As infection rates continue to increase in some countries around the world, mask-wearing is one of the best tools we have to protect one another. PHOTO by Pexels

Renewed tougher rules around the world as Covid-19 spreads

19 states in the US require residents to wear a mask outside at all times when social distancing isn’t possible, and also face penalties if they don’t abide by the rules.

DURBAN – South Africans can find solace in knowing that the renewed lockdown restrictions are not only taking place here but also in other countries, as authorities sought to control a resurgence of Coronavirus cases. 

In England, wearing a face-covering in shops and supermarkets is to become mandatory from July 24. Those who fail to comply with the new rules will face a fine of up to R2 090,78 (£100), the United Kingdom government announced. The new rule comes as the UK recorded the deaths of a further 138 people who had tested positive for Coronavirus. The move will bring England into line with Scotland and other major European nations like Spain, Italy and Germany.

A state in Australia is toughening its punishments for anyone caught violating coronavirus quarantines, including jailing rule breakers for up to six months. The new warning comes amid rising virus cases worldwide and violations of restrictions that are now being further tightened in many places battling to contain Covid-19 infections.

Meanwhile, 47 out of 50 US states have some form of face mask guidelines in place, 21 of those have implemented orders that make it mandatory to wear them in public.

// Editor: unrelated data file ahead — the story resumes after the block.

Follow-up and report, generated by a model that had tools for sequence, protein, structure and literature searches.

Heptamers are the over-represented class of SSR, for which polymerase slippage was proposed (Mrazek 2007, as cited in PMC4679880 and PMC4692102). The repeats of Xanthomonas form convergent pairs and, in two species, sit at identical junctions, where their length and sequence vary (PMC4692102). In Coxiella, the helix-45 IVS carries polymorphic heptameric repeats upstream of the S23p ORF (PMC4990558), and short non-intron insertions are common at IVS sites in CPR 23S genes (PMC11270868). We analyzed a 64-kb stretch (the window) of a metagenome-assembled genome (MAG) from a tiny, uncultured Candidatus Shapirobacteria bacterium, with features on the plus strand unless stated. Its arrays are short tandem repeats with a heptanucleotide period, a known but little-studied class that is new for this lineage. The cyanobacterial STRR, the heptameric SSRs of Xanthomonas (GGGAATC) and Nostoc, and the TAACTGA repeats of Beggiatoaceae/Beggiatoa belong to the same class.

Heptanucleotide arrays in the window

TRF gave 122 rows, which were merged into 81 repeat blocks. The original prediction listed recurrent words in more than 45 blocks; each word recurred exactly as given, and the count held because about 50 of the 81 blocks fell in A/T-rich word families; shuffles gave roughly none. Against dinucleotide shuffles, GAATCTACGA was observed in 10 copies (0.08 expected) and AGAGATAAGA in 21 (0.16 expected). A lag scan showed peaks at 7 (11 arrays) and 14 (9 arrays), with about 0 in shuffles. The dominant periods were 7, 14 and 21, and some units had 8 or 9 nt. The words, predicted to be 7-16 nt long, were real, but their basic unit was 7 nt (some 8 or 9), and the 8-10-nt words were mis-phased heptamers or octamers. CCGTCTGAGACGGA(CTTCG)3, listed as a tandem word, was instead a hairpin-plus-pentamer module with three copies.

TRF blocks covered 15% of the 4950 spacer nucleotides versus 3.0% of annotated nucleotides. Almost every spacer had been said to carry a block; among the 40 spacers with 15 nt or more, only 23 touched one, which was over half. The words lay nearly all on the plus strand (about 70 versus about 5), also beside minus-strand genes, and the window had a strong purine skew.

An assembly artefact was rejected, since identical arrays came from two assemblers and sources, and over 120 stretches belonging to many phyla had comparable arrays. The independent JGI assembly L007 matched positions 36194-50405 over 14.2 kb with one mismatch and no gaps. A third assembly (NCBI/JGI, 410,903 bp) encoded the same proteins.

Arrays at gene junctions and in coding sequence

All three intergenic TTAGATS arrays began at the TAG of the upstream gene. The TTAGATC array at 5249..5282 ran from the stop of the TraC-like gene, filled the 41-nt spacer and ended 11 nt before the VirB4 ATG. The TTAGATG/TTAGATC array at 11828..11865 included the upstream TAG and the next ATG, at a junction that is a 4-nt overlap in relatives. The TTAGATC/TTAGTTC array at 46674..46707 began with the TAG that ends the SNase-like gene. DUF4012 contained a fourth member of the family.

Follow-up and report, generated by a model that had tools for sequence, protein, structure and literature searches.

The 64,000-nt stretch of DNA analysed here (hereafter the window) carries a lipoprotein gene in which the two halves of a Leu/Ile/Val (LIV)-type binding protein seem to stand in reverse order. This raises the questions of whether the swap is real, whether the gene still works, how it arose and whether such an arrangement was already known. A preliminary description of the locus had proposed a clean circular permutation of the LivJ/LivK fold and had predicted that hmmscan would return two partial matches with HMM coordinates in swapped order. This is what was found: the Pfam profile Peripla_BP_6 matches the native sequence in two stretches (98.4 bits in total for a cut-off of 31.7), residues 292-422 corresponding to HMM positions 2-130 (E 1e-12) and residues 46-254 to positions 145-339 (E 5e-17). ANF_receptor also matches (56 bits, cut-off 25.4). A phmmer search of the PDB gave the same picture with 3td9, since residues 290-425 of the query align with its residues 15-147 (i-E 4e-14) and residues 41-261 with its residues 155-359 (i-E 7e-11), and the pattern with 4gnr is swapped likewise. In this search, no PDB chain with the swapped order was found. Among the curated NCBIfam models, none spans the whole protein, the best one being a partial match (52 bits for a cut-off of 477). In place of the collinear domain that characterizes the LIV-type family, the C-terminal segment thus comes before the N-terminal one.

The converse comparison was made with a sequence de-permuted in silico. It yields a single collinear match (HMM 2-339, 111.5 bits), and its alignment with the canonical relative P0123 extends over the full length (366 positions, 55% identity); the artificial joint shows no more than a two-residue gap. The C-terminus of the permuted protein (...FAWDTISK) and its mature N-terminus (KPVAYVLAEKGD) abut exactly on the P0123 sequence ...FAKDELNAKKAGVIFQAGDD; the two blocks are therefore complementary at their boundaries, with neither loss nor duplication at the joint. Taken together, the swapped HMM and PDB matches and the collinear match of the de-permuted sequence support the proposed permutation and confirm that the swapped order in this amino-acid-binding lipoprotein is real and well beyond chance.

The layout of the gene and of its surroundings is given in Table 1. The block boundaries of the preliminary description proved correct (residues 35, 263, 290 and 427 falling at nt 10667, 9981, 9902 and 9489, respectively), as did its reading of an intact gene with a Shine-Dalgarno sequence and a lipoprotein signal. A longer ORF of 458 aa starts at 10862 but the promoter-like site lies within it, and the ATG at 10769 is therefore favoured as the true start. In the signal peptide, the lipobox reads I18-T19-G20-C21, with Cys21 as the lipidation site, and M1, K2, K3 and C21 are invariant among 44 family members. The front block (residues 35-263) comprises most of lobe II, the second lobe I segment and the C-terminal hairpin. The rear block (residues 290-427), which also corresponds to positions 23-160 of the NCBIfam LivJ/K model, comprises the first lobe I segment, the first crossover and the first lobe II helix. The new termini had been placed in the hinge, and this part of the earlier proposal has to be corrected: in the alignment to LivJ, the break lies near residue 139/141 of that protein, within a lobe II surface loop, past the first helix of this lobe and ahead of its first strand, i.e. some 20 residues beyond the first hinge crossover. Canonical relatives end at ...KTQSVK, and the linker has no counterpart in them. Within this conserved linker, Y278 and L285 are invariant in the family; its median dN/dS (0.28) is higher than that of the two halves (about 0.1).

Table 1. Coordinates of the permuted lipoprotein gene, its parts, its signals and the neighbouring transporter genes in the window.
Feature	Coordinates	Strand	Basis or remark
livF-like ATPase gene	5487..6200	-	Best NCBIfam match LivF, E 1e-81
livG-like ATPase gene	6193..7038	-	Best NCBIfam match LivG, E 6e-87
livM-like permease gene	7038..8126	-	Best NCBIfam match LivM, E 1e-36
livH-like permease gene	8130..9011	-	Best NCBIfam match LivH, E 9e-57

The most strict mask requirements exist in a total of 19 states, where residents are required to wear a mask outside at all times when social distancing isn’t possible, and also face penalties if they don’t abide by the rules.

Following President Cyril Ramaphosa’s address on Sunday where he announced mandatory face masks in public places and an overnight curfew. Justice Minister Ronald Lamola said people who fail to adhere to the mandatory wearing of a mask will have a criminal record if found guilty by the court.

He said the person would be charged with contravention of the regulations in terms of the Disaster Management Act, and may possibly face a fine. 

The new restrictions and lockdowns follow similar measures around the globe as the virus has flared up again from to India and Japan, prompting measures from bar and restaurant closures to wide-scale lockdowns involving tens of millions of people.

Facing its own uptick in infections, Belgium on Wednesday postponed a further easing of rules on social gatherings as the country’s prime minister said she could not rule out the reintroduction of lockdowns in areas worst affected.

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